Today is twenty years since the first publication of Harry Potter and the Philosopher’s Stone, and to mark this occasion I’m very cheered to have an interview with Dr. Beatrice Groves about her new book Literary Allusion in Harry Potter.  Dr. Groves is Research Lecturer in Renaissance Literature at Oxford, and a fellow of Trinity College, and she was kind enough to answer a few questions about the book, which I suspect will be of great interest to a lot of people who read Quite Irregular.

 potter literary allusion

Could you give us an overview of the book, and what a reader can find in it?

Literary Allusion in Harry Potter goes through Rowling’s literary influences in chronological order from Homer and Ovid, through medieval texts such as Chaucer, mystery plays and Gawain, and early modern texts such Shakespeare and Milton, concluding with chapters on Austen, Dickens, Hardy and Tennyson. My aim is to enthuse those who love Harry Potter – from teenagers to older fans – about the literature that has enriched Rowling’s world while also, hopefully, exciting them with some new perspectives on their favourite series.


Harry Potter and literary allusion is a fairly expansive subject – how did you arrange the book? How did you decided what to put in and what to leave out?  Are there any bits you didn’t have space for that you wanted to include?

Most of the critical work on Rowling’s literary allusion has looked at her debt to classic children’s and fantasy writing – such as C.S. Lewis, J.R.R. Tolkien, Elizabeth Goudge, Ursula Le Guin, Dianna Wynne Jones, E. Nesbit and traditional boarding school novels. My plan, therefore, was to look at her influences in more canonical writing. And, yes, there were things – links with Hound of the Baskervilles, P.G. Wodehouse and Marlowe’s Dr Faustus, for example, that didn’t end up fitting with the shape of the book. I am looking forward to discussing these in blogs and talks….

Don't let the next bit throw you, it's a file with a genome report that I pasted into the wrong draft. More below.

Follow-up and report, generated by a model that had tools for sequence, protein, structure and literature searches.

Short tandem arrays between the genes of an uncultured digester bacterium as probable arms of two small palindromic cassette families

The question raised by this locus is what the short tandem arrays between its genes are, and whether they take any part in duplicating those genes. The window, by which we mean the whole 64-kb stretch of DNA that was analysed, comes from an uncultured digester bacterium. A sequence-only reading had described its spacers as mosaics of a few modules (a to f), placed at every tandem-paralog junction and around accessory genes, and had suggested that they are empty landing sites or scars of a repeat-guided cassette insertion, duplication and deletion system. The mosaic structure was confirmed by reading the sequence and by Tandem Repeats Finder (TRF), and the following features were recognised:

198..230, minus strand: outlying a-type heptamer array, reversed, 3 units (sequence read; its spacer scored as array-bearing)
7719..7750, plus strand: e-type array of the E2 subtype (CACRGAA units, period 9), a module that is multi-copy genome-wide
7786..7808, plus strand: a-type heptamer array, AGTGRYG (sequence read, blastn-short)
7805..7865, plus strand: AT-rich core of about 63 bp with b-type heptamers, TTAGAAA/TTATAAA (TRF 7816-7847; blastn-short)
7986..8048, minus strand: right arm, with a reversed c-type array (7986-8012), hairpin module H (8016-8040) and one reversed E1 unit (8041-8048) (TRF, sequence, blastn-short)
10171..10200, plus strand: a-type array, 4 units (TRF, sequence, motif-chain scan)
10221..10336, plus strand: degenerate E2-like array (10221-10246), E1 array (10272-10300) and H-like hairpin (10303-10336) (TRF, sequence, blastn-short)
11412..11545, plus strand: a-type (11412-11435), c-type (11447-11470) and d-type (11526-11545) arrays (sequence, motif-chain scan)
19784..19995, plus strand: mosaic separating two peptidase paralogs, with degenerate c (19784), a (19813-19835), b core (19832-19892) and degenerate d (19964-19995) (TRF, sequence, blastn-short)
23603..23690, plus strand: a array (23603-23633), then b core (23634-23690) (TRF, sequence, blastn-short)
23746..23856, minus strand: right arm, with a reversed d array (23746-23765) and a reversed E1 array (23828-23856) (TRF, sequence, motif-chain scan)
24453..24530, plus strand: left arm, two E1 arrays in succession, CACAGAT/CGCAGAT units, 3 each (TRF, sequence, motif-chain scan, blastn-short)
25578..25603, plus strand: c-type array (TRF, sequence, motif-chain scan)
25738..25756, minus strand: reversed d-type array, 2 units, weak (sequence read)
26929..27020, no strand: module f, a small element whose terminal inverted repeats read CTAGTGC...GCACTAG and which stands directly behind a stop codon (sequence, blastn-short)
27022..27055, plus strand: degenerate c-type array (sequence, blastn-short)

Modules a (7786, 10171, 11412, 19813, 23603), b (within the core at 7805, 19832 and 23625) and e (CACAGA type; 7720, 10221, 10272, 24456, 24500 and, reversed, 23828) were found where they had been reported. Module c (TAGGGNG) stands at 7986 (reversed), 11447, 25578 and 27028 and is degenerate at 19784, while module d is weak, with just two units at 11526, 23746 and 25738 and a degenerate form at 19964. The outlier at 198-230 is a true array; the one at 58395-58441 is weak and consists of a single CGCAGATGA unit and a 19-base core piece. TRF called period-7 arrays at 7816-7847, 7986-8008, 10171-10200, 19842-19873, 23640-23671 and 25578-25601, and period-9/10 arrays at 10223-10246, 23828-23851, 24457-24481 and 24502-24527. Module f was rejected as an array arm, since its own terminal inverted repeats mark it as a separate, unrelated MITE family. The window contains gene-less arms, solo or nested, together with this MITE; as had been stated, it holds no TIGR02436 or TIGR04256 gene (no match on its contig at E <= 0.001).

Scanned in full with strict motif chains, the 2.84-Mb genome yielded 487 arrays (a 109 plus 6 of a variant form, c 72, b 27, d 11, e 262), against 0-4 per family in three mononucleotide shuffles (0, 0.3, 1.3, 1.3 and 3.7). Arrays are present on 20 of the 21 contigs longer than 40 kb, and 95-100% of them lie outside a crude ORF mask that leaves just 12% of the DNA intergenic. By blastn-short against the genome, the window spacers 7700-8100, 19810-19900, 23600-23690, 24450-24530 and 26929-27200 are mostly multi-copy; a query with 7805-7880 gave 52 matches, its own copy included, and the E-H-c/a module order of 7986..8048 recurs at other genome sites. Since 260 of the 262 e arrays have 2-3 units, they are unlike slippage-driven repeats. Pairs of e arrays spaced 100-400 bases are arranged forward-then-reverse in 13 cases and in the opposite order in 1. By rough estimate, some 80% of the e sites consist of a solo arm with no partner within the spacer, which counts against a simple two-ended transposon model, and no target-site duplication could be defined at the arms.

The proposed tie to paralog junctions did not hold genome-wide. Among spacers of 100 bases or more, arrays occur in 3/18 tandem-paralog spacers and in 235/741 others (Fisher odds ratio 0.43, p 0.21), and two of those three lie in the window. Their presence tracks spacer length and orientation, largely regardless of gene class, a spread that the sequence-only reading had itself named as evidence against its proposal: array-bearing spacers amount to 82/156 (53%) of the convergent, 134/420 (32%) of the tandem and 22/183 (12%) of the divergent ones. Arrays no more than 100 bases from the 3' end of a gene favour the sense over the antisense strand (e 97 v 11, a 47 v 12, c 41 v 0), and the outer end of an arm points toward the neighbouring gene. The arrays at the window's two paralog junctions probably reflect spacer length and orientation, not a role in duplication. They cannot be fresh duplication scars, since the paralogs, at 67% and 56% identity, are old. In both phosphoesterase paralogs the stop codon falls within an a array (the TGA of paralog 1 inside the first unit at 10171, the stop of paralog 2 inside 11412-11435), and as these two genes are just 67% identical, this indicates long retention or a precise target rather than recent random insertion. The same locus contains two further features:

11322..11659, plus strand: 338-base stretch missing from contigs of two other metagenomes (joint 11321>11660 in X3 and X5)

What prompted you to write the book?  How does it connect with your other academic work and your personal literary life?

When I read the first books in the series as an undergraduate I was struck by the name of Mrs Norris. I was surprised and pleased to find a children’s book reference Mansfield Park and it set me thinking about other ways Rowling might be drawing on the classics.

In terms of my other literary work, I have always been drawn – from my earliest reading to my current academic work – to the way that readers, writers and book connect with each other. Alberto Manguel calls the process of allusion the way ‘one book calls to another unexpectedly, creating alliances across different cultures and centuries.’ Hogwarts’ books are an unusually conversational bunch – books in the Restricted Section scream when opened illicitly, Magick Moste Evile wails when it is snapped shut and Riddle’s diary writes back to those who write in it.

These are books that genuinely do ‘call to another unexpectedly’ and when Harry enters Hogwarts’ library at night he hears the books whispering to each other. I felt that this world of talking books is one that it would make sense to look at from an allusive perspective.


Did you have any issues finding a publisher?  What was it like working with Routledge on the book?

My belief is that the cross-over aspect of the book is a strength and I hoped that more ‘popular’ publishers might find it enticingly high-brow and more ‘academic’ publishers might find it enticingly mainstream. This wasn’t always a perspective which publishers shared! I was lucky enough, however, to get two simultaneous offers and I went with Routledge for their prestige, publication values and because they were happy to bring it out as a paperback and e-book at a much cheaper price than their usual rate (which I felt was essential to reaching the book’s intended audience). Routledge, and my publisher Polly Dodson, have been really enthusiastic about the project from the beginning and I have found them a very positive press to work with.


Who are you hoping will read the book?  What do you think they might get out of it?